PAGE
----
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This article explains the Karl Pearson Correlation method of analysis, and how it can be applied in business.
Correlation is a statistical measure that indicates the extent to which two variables fluctuate together. A positive correlation indicates the extent to which those variables increase or decrease in parallel. A negative correlation indicates the extent to which one variable increases as the other decreases.
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What Is the Karl Pearson Correlation Analytical Technique?
The Karl Pearson Correlation measures the degree of linear relationship between two variables.
In order to better understand the application of the Karl Pearson Correlation technique, let’s look at a sample analysis showing a positive correlation among data points.
Like other forms of correlation analysis, the Karl Pearson method measures the strength of relationships between only two variables, without taking into consideration the fact that both these variables may be influenced by a third variable. For example, the sale of ice cream and the sale of cold drinks are related to weather conditions. They may show a positive correlation but they are not related to each other, but rather to the weather. Correlation analysis is applied only to numeric values, so if the data is not in numeric form, it must be converted. For example, survey responses like “Very dissatisfied.” “dissatisfied,” “neutral,” “satisfied,” “very satisfied,” etc., must be converted to numeric ranking (i.e., 1,2,3,4,5).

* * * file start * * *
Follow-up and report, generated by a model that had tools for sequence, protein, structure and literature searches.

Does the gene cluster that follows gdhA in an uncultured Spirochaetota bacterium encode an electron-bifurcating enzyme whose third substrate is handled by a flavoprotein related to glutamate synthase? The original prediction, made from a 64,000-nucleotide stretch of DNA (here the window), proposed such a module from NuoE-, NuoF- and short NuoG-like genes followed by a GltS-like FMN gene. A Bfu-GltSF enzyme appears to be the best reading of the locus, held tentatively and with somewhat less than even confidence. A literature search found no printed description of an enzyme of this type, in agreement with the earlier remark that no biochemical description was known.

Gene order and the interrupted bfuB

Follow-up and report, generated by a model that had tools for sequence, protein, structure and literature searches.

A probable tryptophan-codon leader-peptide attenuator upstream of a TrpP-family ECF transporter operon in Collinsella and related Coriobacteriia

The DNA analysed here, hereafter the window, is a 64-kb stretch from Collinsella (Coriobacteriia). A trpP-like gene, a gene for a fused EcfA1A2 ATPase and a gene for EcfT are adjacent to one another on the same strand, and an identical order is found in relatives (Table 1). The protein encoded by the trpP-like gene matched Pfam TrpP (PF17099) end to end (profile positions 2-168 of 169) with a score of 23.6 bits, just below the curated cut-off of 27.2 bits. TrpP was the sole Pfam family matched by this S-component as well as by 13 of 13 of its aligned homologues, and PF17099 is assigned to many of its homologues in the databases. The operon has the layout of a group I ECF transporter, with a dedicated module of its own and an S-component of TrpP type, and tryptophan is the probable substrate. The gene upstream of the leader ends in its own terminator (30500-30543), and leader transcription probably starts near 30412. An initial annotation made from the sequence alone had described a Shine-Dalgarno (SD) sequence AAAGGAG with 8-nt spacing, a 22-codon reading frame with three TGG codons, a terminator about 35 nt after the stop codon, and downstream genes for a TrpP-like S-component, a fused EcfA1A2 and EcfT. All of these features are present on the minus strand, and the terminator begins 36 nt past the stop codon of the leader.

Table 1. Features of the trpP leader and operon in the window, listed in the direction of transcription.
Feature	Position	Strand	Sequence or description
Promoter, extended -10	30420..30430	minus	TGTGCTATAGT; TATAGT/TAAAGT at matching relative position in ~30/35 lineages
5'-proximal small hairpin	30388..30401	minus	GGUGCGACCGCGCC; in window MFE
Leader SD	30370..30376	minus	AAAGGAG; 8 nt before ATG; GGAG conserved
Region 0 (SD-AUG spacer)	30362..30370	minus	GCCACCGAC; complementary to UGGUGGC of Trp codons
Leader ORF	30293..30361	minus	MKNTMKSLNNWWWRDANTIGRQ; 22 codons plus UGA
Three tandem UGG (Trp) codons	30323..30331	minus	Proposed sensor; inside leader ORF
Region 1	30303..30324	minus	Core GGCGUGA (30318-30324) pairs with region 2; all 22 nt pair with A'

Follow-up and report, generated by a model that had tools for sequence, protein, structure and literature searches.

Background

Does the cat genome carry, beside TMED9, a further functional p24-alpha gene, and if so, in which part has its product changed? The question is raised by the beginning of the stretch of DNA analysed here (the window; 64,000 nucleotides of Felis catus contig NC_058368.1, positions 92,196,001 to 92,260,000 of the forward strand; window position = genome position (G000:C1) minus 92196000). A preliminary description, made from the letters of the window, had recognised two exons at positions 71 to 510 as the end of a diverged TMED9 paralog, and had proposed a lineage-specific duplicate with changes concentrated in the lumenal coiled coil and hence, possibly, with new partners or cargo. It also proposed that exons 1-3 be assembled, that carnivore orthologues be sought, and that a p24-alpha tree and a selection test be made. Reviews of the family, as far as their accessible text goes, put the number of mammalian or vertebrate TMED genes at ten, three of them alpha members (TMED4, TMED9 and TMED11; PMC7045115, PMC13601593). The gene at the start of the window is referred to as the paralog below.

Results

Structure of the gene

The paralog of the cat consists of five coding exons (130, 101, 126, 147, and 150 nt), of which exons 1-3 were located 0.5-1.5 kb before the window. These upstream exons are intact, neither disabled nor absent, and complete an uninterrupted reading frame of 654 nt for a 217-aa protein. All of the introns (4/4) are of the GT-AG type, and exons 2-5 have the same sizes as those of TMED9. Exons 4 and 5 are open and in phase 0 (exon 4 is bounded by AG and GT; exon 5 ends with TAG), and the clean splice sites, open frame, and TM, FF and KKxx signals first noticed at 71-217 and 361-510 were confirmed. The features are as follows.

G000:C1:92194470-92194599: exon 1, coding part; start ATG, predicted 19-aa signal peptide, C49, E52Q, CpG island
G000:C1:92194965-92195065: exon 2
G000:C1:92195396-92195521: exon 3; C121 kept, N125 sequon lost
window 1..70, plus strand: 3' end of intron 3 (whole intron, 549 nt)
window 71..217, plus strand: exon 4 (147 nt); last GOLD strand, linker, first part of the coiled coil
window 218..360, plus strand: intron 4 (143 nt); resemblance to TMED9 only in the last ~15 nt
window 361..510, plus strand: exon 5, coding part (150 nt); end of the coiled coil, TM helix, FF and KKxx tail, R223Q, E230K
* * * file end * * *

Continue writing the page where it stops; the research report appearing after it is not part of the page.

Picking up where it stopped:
How Can the Karl Pearson Correlation Method Be Used to Target Enterprise Analytical Needs?
Let’s take a moment to look at a use case so that we might better understand the application of the Karl Pearson Correlation method of analysis.
Business Problem: A bank wants to find the correlation between income and credit card delinquency rate of credit card holders.
Input Data: The delinquency rate of each credit card customer and the monthly income of each credit card customer.
Business Benefit: The credit card manager can decide on individual credit limit eligibility based on the correlation coefficient value between income and delinquency rates.
Correlation analysis and the Karl Pearson Correlation method can be used to identify negative, positive, and neutral correlations between two data points (e.g., the relationship between the age of a consumer and the color of shirt they might purchase or the level of education of a consumer and the delivery mechanism they choose for news and information).